FIG. 3B is an exploded side cross-sectional view that illustrates a portion of a frame element 115 and the housing 101. The housing 101 includes a first sealing surface 106 facing a second direction B (e.g., +Z-direction). The frame element 115 includes a second sealing surface 116 facing the first sealing surface 106 in a third direction C (e.g., −Z-direction). In some embodiments, when the frame element 115 is mounted to the housing 101, the first sealing surface 106 contacts the second sealing surface 116. As described above, one or more removable rods 130 can be used to compress the housing 101 and the frame element 115, which creates the seal between the first sealing surface 106 and the second sealing surface 116. In some embodiments, the seal between the first sealing surface 106 and the second sealing surface 116 is formed by use of a gasket 101A (e.g., elastomeric seal) that is disposed between the sealing surfaces 106, 116. In some configurations, a gasket 101A is positioned so that it forms a seal against the second sealing surface 116 that extends around the periphery of a frame element 115, 125, and is also configured to mate with the similarly shaped opposing first sealing surface 106 formed on the housing 101. Therefore, the housing 101 may include multiple different sealing surfaces 106 that are each sized to mate with each differently configured frame element 115, 125.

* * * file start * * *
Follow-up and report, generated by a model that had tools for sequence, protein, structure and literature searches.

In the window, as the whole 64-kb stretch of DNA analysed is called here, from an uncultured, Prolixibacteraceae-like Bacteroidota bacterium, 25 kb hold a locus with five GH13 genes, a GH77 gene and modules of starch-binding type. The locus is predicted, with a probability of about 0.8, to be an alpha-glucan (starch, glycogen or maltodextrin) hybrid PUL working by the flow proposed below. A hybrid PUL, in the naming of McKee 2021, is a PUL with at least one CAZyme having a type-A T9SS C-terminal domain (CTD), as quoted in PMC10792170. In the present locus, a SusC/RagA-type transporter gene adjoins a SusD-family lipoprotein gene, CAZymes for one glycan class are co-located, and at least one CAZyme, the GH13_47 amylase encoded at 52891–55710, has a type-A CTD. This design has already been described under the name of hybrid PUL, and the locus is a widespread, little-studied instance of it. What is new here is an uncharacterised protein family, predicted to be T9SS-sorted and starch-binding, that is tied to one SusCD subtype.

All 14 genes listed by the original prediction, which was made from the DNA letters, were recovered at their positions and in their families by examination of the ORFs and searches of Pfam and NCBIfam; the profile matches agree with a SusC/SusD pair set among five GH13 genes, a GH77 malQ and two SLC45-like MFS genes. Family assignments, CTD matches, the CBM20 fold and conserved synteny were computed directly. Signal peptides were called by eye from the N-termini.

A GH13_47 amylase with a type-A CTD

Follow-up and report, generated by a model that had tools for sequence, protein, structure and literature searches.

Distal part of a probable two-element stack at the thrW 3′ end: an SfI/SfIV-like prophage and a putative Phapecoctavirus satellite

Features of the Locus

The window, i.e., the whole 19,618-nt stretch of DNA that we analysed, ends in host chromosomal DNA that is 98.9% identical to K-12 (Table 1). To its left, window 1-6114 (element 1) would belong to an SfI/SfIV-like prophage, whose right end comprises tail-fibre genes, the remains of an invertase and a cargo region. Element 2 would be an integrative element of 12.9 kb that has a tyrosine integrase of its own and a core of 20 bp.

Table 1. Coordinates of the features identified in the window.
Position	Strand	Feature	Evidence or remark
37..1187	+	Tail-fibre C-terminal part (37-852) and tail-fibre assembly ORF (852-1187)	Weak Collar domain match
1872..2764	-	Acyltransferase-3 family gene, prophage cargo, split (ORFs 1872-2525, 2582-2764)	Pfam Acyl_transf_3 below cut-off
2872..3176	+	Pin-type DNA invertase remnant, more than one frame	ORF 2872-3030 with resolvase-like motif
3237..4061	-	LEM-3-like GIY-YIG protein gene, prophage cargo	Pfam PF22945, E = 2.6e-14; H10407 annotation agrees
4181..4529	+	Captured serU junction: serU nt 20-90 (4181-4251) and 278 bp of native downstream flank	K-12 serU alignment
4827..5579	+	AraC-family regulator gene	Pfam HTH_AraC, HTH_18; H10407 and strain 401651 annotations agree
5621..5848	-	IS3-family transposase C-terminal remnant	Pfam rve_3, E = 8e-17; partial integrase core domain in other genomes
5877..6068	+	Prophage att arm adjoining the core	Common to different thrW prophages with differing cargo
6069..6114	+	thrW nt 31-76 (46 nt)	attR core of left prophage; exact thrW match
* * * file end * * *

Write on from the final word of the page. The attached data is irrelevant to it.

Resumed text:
In some configurations of the housing 101, each housing retaining element 102 includes a housing channel region 109 (or hereafter groove 109), which in some cases may be U-shaped. In some configurations of the frame element 115, each frame retaining element 112 comprises a frame channel region 119 (or hereafter groove 119), which may be U-shaped. The removable rod 130 is inserted into the grooves 109, 119 to create the compression between the housing 101 and the frame element 115. In some embodiments, an external force is used to position the grooves 109, 119 to form a channel in which the removable rod 130 can be inserted. Although the grooves 109, 119 are described as U-shaped other designs may be used. For example, the grooves could be rotated approximately 90° as well as sized or shaped differently, so that the grooves are substantially C-shaped. Furthermore, in other embodiments one or more of the housing retaining elements 102 or frame retaining elements 112 may include a feature that completely surround the removable rod 130.